Peter Thompson – 40 years of Radio

Peter ThompsonWith the April 11, 2015, program DJ Peter Thompson celebrated 40 years of radio broadcasting.

Currently working for Radio KALW, San Francisco, Thompson marked the occasion with a program of live recordings by a few of his favorites, including the Stanley Brothers and Bill Monroe, the Kentucky Colonels and Hazel & Alice, the Good Ol’ Persons and Hot Rize, and Mac Martin and Vern Williams.

Although he grew up quite a distance from deep rolling hills of Virginia – he was raised in Michigan – the little hairs on the back of his neck went straight up the first time he heard the Stanley Brothers sing.

Initially, Thompson was listening to wide variety of musical genres: blues, Motown’s best, rock and jazz.

During his college years Thompson spent his recreation hours recording concerts (mostly the Grateful Dead) at the Fillmore and Avalon Ballrooms, and making what came to be called ‘mix tapes’ of favorite songs on a portable cassette player, activities that became the basis for his radio endeavours.

It was college friend who introduced him to bluegrass music, giving Thompson a cassette copy of the Stanley Brothers’ eponymous LP (King 615). He listened to the tape repeatedly, captivated by the vocal harmonies. That experience led to an ongoing involvement with bluegrass and old time music.

Peter Thompson with the tape collection at Vancouver Co-op Radio in the mid 1980sHe began radio work as a 28 year old at Vancouver’s (British Columbia) Co-op Radio/CFRO-FM in 1974, where he not only produced a wide variety of programs, but also served as Program Director and Music Director. It was here that Thompson recognized the community aspect of radio, providing a calendar and musical previews of performers working in the vicinity. This he continues to make a part of all of his shows.

Thompson also worked freelance at CBC Radio for many years and taught in a college media production program.

Following a move to the Bay Area, he hosted programs at KCSM and KPFA before launching Bluegrass Signal on KALW in October 1995.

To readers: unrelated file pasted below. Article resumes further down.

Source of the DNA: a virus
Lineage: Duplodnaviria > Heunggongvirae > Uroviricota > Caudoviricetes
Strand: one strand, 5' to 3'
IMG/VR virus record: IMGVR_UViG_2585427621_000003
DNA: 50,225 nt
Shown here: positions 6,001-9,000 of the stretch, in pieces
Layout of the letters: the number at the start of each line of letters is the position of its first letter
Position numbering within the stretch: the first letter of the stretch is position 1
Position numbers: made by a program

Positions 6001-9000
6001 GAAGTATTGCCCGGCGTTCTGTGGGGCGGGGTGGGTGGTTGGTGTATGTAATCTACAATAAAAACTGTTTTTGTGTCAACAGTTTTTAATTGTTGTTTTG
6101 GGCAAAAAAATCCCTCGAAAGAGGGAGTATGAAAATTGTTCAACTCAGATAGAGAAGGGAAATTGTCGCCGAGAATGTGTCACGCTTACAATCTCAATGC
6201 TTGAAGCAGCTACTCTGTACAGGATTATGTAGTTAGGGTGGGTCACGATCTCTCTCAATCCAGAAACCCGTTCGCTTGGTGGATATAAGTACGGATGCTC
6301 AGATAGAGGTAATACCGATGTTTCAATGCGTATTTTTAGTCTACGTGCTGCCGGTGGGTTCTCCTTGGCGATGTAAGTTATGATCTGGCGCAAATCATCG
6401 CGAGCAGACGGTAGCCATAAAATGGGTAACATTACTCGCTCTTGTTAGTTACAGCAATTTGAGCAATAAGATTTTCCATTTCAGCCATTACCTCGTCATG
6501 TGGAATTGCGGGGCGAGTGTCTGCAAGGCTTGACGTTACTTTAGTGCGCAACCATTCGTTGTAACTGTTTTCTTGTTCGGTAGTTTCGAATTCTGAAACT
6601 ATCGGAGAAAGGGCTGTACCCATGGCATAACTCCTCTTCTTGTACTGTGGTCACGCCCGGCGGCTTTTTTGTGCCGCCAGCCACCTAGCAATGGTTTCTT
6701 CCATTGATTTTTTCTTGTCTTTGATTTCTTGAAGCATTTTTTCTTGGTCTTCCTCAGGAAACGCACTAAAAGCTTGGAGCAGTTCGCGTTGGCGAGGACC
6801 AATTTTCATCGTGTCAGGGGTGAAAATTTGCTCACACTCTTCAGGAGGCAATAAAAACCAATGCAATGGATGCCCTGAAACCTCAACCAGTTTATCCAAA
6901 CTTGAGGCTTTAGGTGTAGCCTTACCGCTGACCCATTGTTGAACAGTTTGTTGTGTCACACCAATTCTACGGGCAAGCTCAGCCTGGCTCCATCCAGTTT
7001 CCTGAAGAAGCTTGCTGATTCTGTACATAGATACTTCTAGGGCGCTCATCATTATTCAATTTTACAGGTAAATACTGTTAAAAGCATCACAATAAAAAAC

When asked about the highlights of his 40 years in radio, Thompson responded with this list …

“1) Interviewing Kathy Kallick! It lead to 20-plus years of marriage and joy.

2) Forming lasting friendships with Mac Martin and Bob and Dan Paisley, both of which happened as much because of my concert presentations as radio production.

3) Working with so many wonderful radio colleagues.

4) Contributing to the development of the local music scenes.

5) Gaining rapid and widespread acceptance in the bluegrass community when I moved to California 20-plus years ago.

6) Having the opportunity to interview (and sometimes get to know a bit) everyone from Bill Monroe and Ralph Stanley to Hazel Dickens and Del McCoury to the guys from Hot Rize and Nashville Bluegrass Band to Suzanne Thomas and Lynn Morris/Marshall Wilborn to …

7) Having the opportunity to hear so much great music — and share it with others.”

Since 2004 Bluegrass Signal has been syndicated on WAMU’s Bluegrass Country.

Kathy Kallick and Peter Thompson with their daughter, RileyIn addition to his radio work, Thompson has worked as a bluegrass concert presenter, M.C., record producer, road manager and publicist.

Thompson is a member of the IBMA, the California Bluegrass Association, Northern California Bluegrass Society, the Redwood Bluegrass Associates, the Pacific Bluegrass & Heritage Society (Vancouver, British Columbia) and the Berkeley Society for the Preservation of Traditional Music/Berkeley’s Freight & Salvage Coffeehouse, and has served on the Board of Directors for the last three organizations.

In 2013 he was awarded a Lifetime Membership of the California Bluegrass Association.

As mentioned, Thompson is married to his favorite singer, songwriter, band leader and guitar player Kathy Kallick. They live in Oakland, California.

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About the Author

Richard Thompson

Richard F. Thompson is a long-standing free-lance writer specialising in bluegrass music topics. A two-time Editor of British Bluegrass News, he has been seriously interested in bluegrass music since about 1970. As well as contributing to that magazine, he has, in the past 30 plus years, had articles published by Country Music World, International Country Music News, Country Music People, Bluegrass Unlimited, MoonShiner (the Japanese bluegrass music journal) and Bluegrass Europe. He wrote the annotated series I'm On My Way Back To Old Kentucky, a daily memorial to Bill Monroe that culminated with an acknowledgement of what would have been his 100th birthday, on September 13, 2011.